As you can see, I’m a big fan of Taurus. In my humble opinion they’ve come a long way since their beginnings in Brazil. (They now make a lot of their firearms in the good ol’USA!!) Their fit and finish has improved greatly, their warranties are worry-free, prices are super, and they’re always coming up with some innovative and interesting guns. Saving up money now for that danged Ranch Hand in .357, if I can find one.

  • charlesjneilsonmd

    With my fairly slight build, I cannot easily conceal my H&K USP 40 and my easily concealable Walther PPK/S .380 is short on stopping power, so I find my Glock 27 subcompact .40 cal easy to hide, even in my pocket.  Having to give up the larger magazine of the H&K, I still can make up for the little Glock27′s total of 10 round capacity by carrying a backup magazine for the Glock 23 (13 round capacity)…..which fits the Glock 27 nicely.  So,  I can fire 10 shots initially and replace the magazine with 13 shot capacity.

  • roadapple66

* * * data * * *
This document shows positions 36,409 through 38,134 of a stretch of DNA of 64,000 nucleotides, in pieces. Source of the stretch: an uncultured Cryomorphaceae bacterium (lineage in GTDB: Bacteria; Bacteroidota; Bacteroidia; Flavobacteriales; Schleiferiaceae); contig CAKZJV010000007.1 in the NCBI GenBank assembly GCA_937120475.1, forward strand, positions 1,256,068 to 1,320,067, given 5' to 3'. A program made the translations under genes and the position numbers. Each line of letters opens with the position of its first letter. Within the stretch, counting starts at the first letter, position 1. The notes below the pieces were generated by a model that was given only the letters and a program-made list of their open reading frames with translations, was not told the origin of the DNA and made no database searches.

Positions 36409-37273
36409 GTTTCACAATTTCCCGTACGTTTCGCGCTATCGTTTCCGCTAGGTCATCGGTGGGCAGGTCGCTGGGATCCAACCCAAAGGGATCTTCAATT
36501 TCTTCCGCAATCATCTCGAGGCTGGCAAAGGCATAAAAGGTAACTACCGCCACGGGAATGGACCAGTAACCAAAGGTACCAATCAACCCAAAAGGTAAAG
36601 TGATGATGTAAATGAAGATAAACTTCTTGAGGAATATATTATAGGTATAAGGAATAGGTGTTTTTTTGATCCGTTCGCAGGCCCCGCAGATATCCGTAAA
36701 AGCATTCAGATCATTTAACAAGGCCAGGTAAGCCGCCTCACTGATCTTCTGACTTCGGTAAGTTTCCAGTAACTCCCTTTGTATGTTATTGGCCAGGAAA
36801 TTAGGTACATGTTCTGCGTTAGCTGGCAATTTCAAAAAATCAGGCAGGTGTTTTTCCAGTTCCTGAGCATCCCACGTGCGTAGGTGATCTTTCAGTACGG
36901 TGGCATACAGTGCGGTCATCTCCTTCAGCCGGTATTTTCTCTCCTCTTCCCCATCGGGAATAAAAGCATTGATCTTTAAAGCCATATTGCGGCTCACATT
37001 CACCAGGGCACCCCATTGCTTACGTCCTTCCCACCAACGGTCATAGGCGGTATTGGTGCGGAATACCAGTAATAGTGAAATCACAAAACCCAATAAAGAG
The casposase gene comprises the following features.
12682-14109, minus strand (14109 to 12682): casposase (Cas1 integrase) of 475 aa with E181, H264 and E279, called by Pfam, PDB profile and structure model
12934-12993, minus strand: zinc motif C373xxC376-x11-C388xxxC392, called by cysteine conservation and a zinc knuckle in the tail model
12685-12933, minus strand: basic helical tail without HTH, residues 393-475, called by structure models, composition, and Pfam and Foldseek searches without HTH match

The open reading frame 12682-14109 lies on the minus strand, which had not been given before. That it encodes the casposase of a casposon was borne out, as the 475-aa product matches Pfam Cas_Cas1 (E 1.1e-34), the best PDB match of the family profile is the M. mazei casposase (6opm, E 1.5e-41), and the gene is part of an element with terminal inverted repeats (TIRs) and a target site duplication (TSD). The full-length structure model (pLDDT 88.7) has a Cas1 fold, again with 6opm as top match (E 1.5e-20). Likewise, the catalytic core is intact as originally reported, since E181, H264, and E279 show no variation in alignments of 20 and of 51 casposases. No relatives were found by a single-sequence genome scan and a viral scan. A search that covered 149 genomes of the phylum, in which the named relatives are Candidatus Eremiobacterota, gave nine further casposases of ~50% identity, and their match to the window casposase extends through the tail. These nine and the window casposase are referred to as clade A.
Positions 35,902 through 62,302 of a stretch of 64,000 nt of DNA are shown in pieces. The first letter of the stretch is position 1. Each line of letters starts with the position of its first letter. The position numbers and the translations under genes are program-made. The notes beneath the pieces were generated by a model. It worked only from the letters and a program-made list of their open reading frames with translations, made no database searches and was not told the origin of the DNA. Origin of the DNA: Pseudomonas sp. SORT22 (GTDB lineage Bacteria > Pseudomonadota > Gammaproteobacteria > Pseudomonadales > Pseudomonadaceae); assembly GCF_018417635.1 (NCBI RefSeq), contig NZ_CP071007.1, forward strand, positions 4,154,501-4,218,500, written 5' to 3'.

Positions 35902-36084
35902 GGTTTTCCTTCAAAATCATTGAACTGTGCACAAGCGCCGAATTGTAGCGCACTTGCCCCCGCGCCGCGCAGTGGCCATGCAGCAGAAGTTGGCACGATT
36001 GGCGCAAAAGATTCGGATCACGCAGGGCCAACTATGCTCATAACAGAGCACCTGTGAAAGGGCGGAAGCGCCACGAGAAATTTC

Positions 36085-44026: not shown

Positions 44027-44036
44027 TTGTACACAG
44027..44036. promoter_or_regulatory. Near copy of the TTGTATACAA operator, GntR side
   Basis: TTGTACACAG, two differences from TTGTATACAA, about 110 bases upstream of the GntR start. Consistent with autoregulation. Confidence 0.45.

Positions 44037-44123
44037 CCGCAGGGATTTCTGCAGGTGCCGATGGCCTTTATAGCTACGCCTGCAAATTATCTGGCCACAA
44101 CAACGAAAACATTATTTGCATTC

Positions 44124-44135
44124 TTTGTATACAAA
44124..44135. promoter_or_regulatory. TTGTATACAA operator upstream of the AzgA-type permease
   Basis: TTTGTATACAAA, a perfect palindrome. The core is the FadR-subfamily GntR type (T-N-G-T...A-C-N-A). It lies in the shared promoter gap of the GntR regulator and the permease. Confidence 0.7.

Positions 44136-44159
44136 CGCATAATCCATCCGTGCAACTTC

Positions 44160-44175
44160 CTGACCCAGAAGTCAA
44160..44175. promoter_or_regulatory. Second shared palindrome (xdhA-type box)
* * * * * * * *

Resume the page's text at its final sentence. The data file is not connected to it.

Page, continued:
Extra magazines are mostly for having a spare, in case the primary malfunctions.  While shot placement is paramount to surviving any forced, armed encounter, actually hitting where you want is far more difficult in a high stress situation.  I always advise people to carry what they can use efficiently(hit with).  The more training, the more profficient a person can become with any firearm.  You can not get enough training.  I worked the streets (and highways) for over 4 years.  My sidearm was always a Kimber Classic Stainless 1911 .45ACP, with Wilson Combat magazines(8 rounds each).  My backup gun (BUG) was always either a Kahr MK40, or a S&W J-frame .38 +P.  Some of the DPS officers I worked with carried Kel-Tec P32′s, clipped to their armor, for backup.  Either way, we trained (and used) our sidearms to get us back to the vehicle, and to our shotguns, and/or patrol rifles.  So, by all means, carry what you can use efficiently.  Become efficient with a reasonable size (heavy hitting) caliber, and you will fare much better.  I do not, nor have I ever, feel “under-gunned” with a 5 shot, .38 Special revolver.  The will to use it is not the issue.  The will to train, and prepare to use it, is the key to success.  You must have the mind-set to stop the fight with the least amount of force necessary to over-come the opponent.  Once the fight has been stopped, you must lower your use of force to the level necessary to stay in control of the situation.